In Abia, it was disclosed that members were robbed of onions worth ₦13 million.

However, the aftermath of this state of unrest saw the national president of the association, Aliyu Isah Umar, disclosing during a press briefing on Wednesday, June 2nd, 2021. That the association will be “shutting down the supply of onions to the entire South by Monday, June 7, 2021”.
According to the President of OPMAN, the Federal Government had refused to compensate its members to the tune of ₦4.5bn for the series of losses, which Isah attributed to the activities of hoodlums and other forms of Insecurity in Nigeria. He also stated that not until law and order is restored in the areas affected, as well as a thorough investigation to uncover the remote causes of those attacks on their members the association will remain on strike.

The strike was implemented as result of the suffered losses and the ethno-religious crises but upon implementing the ban onion farmers in the north have complained bitterly about the deterioration of their produce as a result of the suppliers refusal to supply onions to the southern part of Nigeria. It was reported on Wednesday, June 9th 2021, that over 50 trucks of onions have rotted away in the farms and markets since they embarked on the strike.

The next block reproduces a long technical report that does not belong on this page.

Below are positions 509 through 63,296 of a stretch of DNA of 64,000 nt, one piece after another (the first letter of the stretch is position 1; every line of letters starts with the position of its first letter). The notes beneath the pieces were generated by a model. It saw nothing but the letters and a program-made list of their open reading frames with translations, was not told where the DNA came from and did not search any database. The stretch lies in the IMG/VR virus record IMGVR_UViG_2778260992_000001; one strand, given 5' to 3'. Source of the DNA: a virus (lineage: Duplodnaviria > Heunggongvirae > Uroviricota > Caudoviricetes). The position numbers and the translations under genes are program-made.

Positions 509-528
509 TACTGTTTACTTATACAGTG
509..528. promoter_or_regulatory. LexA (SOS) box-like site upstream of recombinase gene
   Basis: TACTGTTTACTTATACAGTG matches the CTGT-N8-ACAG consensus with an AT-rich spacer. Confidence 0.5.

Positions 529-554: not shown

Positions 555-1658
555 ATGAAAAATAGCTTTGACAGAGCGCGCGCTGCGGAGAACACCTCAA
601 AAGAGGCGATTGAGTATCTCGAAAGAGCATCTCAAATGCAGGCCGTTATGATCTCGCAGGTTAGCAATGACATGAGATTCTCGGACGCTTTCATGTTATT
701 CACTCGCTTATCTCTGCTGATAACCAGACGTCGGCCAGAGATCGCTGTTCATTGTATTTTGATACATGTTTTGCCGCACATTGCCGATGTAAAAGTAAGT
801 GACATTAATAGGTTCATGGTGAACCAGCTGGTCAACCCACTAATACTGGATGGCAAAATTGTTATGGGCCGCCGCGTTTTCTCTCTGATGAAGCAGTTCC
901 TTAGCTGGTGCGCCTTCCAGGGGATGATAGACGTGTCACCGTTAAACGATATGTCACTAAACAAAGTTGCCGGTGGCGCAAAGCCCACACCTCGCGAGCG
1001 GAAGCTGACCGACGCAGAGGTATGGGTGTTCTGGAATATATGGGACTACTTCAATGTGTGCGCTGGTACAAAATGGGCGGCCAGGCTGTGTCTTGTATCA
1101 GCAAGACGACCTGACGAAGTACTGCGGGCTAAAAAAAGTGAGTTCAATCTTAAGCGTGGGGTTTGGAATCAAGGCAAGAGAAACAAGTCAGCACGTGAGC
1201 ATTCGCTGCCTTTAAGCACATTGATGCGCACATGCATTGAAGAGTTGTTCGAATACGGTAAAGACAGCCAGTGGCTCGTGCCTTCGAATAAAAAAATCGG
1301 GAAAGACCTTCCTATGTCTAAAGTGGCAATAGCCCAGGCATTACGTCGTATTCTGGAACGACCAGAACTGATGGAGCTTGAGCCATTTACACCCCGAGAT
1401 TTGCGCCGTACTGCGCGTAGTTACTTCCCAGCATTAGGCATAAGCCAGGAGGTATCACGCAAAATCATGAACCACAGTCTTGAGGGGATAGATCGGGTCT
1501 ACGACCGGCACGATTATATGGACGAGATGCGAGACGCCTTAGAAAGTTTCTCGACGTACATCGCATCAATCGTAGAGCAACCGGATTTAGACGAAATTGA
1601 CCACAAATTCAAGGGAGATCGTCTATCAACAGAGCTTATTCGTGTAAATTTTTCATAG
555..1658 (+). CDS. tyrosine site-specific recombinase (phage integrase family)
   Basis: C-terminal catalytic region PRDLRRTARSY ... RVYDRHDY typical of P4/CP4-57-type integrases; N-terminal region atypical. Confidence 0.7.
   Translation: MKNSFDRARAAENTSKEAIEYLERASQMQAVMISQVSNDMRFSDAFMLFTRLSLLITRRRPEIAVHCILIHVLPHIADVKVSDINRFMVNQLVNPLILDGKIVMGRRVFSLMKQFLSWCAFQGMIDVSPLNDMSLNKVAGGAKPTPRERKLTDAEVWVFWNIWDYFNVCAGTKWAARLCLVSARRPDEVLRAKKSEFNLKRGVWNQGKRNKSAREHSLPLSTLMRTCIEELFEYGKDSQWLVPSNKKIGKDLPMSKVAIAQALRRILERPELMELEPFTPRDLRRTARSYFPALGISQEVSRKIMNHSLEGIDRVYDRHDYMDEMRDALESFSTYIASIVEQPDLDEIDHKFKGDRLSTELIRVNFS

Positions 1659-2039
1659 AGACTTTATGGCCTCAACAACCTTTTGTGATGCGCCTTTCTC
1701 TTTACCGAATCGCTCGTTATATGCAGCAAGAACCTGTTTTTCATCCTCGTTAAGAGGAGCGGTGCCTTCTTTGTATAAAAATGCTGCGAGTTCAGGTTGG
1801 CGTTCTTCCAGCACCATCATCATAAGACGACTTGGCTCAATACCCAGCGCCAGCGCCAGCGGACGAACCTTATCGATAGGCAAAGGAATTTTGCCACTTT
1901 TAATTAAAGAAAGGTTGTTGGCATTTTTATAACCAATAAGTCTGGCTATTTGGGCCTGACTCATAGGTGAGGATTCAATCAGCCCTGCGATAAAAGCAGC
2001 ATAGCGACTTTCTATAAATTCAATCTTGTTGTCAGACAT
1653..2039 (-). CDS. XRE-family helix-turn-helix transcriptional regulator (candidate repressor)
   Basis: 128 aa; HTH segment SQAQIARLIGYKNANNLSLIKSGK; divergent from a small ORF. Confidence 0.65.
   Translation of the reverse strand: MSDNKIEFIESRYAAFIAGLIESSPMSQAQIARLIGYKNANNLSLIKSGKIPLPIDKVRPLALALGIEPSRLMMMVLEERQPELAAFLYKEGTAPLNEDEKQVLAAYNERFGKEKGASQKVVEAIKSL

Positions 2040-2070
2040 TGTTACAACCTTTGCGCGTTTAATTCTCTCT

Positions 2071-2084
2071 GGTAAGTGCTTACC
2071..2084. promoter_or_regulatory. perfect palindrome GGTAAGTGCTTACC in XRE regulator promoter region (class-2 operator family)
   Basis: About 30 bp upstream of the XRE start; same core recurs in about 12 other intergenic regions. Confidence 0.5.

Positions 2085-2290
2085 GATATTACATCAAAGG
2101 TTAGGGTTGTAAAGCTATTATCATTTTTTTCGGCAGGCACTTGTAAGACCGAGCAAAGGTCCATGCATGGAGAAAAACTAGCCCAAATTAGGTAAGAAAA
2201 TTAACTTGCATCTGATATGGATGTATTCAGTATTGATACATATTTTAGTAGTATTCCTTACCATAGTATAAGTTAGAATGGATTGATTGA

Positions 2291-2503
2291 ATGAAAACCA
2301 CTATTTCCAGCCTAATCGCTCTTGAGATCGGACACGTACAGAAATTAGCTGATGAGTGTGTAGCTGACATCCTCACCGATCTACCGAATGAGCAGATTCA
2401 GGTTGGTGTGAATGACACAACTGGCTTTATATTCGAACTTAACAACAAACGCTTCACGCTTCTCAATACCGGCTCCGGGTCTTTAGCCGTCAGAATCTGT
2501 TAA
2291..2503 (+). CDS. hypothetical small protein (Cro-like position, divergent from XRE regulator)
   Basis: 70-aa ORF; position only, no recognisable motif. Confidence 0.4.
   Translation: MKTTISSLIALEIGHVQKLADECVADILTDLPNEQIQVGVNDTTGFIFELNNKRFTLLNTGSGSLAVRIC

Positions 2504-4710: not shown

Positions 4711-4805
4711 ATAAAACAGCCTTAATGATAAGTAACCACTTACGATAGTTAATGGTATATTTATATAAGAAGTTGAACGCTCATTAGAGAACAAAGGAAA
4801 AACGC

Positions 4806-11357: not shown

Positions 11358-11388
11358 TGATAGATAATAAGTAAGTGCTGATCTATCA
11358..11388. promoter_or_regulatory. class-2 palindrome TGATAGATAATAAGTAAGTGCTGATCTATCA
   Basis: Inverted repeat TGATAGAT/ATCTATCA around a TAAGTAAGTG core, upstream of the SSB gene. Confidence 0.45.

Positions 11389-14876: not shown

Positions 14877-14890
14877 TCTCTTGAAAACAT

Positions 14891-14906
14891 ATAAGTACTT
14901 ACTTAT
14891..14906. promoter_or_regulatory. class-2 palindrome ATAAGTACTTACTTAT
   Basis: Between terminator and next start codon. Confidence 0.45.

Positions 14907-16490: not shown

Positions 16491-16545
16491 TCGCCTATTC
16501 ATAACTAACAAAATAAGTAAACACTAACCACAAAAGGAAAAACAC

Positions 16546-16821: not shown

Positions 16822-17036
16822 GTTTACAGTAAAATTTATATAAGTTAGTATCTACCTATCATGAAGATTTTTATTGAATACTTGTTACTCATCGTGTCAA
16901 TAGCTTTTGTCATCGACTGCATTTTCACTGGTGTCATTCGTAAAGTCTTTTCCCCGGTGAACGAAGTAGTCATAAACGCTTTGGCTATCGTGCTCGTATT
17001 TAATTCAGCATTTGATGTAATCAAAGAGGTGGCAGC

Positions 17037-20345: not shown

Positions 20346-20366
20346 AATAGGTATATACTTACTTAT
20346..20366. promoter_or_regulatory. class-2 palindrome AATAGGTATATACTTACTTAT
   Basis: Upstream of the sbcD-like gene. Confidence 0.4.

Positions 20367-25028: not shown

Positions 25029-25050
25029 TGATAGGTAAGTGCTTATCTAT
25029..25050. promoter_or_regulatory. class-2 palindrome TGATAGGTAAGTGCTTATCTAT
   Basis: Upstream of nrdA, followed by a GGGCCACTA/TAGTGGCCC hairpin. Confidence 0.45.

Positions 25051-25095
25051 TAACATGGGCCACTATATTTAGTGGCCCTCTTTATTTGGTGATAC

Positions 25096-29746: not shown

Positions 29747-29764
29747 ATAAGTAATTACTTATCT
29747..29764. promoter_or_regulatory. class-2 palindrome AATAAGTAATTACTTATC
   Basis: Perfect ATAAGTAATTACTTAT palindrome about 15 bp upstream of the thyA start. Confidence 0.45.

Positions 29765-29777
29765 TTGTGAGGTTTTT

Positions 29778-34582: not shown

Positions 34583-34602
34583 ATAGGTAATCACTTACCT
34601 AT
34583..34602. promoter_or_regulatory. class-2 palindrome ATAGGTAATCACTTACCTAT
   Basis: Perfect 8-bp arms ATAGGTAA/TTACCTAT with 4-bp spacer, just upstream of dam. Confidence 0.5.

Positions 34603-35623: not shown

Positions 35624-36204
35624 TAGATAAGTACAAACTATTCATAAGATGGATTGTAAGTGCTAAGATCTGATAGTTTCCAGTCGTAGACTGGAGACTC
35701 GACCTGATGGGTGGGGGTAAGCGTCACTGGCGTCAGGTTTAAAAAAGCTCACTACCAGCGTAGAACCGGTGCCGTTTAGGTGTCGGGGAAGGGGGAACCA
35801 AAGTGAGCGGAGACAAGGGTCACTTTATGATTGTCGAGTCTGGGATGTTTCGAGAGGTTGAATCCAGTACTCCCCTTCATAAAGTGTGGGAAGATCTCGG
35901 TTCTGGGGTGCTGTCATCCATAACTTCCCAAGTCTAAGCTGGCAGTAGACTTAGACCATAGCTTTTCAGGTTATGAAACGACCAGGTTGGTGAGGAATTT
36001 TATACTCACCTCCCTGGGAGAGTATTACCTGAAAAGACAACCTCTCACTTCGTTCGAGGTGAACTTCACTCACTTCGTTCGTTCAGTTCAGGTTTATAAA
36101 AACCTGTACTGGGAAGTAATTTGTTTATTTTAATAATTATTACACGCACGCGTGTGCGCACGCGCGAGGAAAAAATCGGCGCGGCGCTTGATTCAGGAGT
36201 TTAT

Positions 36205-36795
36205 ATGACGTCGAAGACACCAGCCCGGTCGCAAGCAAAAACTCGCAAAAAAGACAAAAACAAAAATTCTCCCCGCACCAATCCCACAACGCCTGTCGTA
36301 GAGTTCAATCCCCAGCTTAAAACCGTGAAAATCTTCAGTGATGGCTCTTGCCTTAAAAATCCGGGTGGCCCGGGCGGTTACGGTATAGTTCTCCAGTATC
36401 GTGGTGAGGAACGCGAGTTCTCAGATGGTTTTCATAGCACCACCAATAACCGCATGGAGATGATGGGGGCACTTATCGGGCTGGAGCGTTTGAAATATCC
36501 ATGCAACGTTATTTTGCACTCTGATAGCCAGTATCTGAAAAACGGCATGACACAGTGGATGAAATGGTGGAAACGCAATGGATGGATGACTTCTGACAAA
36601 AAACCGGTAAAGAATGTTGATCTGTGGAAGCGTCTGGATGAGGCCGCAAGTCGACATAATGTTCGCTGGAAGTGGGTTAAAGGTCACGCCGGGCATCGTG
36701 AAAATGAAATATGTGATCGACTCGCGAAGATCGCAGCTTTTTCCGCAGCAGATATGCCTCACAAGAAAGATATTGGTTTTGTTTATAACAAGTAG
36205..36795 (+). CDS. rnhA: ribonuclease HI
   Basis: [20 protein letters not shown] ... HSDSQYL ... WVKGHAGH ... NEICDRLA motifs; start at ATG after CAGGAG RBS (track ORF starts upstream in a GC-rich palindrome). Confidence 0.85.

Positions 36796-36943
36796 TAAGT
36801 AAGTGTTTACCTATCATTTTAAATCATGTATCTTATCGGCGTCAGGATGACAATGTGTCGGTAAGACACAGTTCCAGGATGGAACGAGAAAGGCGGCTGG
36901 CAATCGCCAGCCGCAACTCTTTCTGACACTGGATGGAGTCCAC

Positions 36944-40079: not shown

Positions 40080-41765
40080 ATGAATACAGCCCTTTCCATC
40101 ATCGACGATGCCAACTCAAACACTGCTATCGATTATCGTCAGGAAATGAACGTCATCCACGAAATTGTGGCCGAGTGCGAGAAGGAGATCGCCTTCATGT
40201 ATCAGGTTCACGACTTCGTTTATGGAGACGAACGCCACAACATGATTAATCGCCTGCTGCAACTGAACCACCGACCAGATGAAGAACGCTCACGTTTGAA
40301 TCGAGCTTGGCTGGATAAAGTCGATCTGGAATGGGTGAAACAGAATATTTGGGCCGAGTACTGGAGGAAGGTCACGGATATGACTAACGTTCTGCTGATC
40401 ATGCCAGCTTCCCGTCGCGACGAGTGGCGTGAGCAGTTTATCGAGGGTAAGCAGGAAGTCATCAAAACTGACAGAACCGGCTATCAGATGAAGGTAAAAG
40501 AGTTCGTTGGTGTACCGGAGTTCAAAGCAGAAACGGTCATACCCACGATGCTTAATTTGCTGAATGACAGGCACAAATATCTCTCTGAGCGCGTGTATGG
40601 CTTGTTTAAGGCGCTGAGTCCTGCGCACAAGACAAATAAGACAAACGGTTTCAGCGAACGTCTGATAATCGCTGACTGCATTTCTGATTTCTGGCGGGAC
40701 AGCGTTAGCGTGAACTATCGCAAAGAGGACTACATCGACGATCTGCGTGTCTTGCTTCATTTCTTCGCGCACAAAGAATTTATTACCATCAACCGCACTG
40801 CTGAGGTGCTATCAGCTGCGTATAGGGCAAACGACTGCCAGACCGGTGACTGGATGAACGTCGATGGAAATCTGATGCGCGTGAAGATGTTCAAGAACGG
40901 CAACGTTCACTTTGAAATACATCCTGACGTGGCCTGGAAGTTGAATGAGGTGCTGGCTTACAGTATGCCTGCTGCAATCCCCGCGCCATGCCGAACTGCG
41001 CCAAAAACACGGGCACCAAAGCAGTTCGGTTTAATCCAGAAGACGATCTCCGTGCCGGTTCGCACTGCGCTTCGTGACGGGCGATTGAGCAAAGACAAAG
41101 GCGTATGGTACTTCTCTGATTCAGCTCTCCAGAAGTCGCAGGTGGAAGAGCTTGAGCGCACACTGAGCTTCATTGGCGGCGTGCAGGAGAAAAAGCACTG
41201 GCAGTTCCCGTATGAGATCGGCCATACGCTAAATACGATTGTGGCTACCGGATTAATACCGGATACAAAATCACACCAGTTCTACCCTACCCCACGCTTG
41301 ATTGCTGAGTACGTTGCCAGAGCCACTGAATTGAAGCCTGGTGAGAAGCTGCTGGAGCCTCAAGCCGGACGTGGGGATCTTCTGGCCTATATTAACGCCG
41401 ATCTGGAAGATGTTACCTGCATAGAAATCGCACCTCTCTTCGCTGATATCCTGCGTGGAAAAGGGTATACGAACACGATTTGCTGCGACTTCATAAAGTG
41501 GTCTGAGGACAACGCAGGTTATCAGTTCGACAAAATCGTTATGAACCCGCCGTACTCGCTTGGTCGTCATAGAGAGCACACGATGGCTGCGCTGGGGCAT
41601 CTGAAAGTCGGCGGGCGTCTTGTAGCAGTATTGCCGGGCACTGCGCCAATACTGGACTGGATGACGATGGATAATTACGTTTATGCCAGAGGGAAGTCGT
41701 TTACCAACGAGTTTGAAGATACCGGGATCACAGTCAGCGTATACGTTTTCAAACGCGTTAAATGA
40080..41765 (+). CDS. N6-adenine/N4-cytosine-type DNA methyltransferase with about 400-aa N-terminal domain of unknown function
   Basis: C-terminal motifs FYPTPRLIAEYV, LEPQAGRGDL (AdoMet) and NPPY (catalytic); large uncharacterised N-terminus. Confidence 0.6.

There are two things that come to mind here, was the decision to shut supply to the entire southern part of Nigeria a policy carried out solely by OPMAN executives? with little to no knowledge or involvement of the onion farmers, or was the policy just an avenue to get the government’s attention and indirectly an attempt to punish and indict suffering on those in the southern part. The level of disruption of this sole action by OPMAN is unquantifiable, this has caused a lot of loss and destabilization of people’s businesses most especially the onion sellers. This action by OPMAN, in no way fosters peace, creation of wealth and change the economy is in dire need of.

I know I said two things but, was shutting down the supply the best decision? Was making those truck loads of onions rot away the best solution? Most especially at a time when food insecurity is on the rise and food scarcity and shortage is increasing by the day all as a result of food spoilage which threatens the effective supply of food to many areas of the federation. I leave you to answer.

Since various regions in Nigeria have formed an alliance long before now, to buy from one another and exchange goods and services. These individuals need to go back to the drawing board and find a more lasting solution to the chaos and fiasco already created. Insecurity was the sole purpose of embarking on the strike; this should also be looked into by the government and agencies in charge of protecting lives and properties and restoring law and order.


Published by Temitopedancer

My name is ÌyanuOlúwa Fágbiyè Tèmítọ́pẹ́ (Pen name: temitopedancer) I am the founder and team lead at My Cookery Zone. I'm an Anthropologist, multimedia Journalist / broadcaster, food blo gger, and food writer.